Speaking to journalists, Mr Evans said he had "wanted to acknowledge fault where such acknowledgment is appropriate."
Criticism of the meme
Typologies of apology note that apologies cover a range of situations and degrees of regret, remorse, and contrition, and that success is to be gauged by the result of the apology rather than the degree of contrition involved. Deborah Levi offers the following possibilities:
- Tactical apology—when a person accused of wrongdoing offers an apology that is rhetorical and strategic—and not necessary heartfelt
- Explanation apology—when a person accused of wrongdoing offers an apology that is merely a gesture that is meant to counter an accusation of wrongdoing. In fact, it may be used to defend the actions of the accused
- Formalistic apology—when a person accused of wrongdoing offers an apology after being admonished to do so by an authority ﬁgure—who may also be the individual who suffered the wrongdoing
- Happy ending apology—when a person accused of wrongdoing fully acknowledges responsibility for the wrongdoing and is genuinely remorseful
While the non-apology apology is clearly unsuited to situations where an expression of remorse, contrition, and future change are obviously desirable (e.g. the "happy ending" apology), it may prove extremely useful in situations where little can be done to assuage the apparent offence or prevent its repetition, as when an airline apologises for a delay, in the full knowledge that a future repetition is inevitable. Such tactical apologies may have beneficial effects simply through the validation of the emotions of the offended party: they answer the basic human need for disagreeable emotions to be recognised and acknowledged as important, while protecting the apparently offending party from an expression of remorse. Negotiators often use this tactic to calm tense situations: "an apology can defuse emotions effectively, even when you do not acknowledge personal responsibility for the action or admit an intention to harm. An apology may be one of the least costly and most rewarding investments you can make."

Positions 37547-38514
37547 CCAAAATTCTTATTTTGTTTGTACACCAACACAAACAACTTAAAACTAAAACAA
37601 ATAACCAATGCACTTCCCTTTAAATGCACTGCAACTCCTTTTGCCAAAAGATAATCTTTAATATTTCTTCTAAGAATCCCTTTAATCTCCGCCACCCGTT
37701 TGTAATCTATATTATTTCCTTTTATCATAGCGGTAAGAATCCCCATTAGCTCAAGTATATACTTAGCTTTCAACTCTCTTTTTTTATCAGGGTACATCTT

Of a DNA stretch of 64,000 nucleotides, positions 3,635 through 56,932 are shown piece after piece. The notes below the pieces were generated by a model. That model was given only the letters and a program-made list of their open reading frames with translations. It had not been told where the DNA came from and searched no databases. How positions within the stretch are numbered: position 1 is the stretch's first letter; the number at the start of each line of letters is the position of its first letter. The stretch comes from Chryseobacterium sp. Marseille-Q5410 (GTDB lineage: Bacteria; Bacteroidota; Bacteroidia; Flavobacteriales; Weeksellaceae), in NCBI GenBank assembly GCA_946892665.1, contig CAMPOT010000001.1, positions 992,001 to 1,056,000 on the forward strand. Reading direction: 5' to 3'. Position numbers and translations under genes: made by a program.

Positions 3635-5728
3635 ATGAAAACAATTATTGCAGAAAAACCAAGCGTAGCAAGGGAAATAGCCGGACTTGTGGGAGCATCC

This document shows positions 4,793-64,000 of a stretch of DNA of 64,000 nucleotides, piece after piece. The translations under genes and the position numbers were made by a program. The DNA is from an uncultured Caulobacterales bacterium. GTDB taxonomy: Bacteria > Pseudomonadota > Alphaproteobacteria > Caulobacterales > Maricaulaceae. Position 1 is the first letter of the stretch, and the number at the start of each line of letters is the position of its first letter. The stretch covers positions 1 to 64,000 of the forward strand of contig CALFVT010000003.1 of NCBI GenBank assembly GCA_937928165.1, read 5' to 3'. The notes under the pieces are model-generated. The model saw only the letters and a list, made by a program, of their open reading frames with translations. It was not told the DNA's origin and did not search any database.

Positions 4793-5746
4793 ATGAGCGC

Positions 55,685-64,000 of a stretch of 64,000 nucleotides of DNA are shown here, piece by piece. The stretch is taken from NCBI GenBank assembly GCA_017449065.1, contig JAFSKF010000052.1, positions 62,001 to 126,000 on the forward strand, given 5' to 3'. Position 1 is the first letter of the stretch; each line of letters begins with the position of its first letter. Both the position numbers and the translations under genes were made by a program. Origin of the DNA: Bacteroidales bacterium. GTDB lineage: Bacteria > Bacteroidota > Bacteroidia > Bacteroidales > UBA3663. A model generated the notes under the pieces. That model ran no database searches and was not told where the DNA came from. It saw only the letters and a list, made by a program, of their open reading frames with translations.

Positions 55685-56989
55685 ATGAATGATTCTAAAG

- Evasion (ethics)
- List of political catch phrases
- Logical fallacies
- Non-denial denial
- Past exonerative
- Spin (public relations)
- Weasel words